Published online by Cambridge University Press: 06 April 2020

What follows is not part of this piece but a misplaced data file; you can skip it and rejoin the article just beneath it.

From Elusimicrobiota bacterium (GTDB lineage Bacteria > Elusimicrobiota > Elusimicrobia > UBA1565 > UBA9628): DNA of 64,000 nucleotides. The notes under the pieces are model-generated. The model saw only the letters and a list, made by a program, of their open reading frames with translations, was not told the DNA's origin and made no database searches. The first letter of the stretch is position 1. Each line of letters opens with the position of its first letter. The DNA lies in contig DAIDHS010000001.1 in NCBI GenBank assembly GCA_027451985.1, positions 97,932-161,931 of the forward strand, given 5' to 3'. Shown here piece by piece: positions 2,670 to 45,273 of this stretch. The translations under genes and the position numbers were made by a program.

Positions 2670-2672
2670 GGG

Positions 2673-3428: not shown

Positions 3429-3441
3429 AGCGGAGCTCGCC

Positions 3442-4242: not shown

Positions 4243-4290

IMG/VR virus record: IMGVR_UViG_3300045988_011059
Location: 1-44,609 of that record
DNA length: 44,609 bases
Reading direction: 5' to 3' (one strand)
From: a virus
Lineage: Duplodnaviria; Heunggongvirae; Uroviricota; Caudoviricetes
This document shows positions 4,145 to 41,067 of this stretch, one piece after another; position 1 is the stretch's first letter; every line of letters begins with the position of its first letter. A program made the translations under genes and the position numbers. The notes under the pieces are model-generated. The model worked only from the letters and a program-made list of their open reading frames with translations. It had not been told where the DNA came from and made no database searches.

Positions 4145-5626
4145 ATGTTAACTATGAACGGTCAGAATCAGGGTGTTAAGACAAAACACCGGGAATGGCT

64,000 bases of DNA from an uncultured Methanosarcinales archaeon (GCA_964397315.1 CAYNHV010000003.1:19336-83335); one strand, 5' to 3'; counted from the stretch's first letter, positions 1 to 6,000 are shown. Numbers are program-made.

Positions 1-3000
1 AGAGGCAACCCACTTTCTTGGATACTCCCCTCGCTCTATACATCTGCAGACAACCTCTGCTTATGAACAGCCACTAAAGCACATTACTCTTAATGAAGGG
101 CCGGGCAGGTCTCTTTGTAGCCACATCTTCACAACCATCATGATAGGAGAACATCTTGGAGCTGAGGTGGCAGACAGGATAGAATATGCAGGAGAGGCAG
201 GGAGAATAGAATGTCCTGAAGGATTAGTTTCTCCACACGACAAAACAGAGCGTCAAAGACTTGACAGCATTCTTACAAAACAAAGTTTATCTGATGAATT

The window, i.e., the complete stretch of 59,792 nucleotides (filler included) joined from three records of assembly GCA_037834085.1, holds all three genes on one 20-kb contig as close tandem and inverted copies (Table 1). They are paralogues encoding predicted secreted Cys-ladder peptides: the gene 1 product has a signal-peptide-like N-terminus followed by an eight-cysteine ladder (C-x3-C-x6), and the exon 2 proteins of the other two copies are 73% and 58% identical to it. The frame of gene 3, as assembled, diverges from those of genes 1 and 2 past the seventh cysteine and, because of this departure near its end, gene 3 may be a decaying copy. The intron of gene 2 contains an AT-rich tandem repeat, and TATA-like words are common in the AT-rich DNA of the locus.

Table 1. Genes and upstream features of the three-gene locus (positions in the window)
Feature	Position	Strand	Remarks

Scholars have long argued that transnational legal indicators (TLIs) suffer from significant validity problems. In response to such critiques, the World Bank (WB) reformed its Doing Business (DB) legal indicators in 2014. This paper evaluates two important results of this reform: the WB distinguished between the quality and performance (efficiency) of law indicators and also claimed that they are positively correlated. I argue that this distinction is based on two different utilitarian perspectives; therefore, these indicators try to quantify different aspects of laws. However, new empirical tests indicate that they are not correlated. The statistical tests on the DB Resolving Insolvency Indicators do not show any strong correlation, and the case of Turkey's WB-led insolvency-law reform suggests that the developing countries can even incur efficiency losses from legal-quality improvements. Thus, this study demonstrates that the 2014 DB reform reproduced the validity problems inside the new distinctions and connections between its indicators, potentially creating new misconceptions for policy-makers.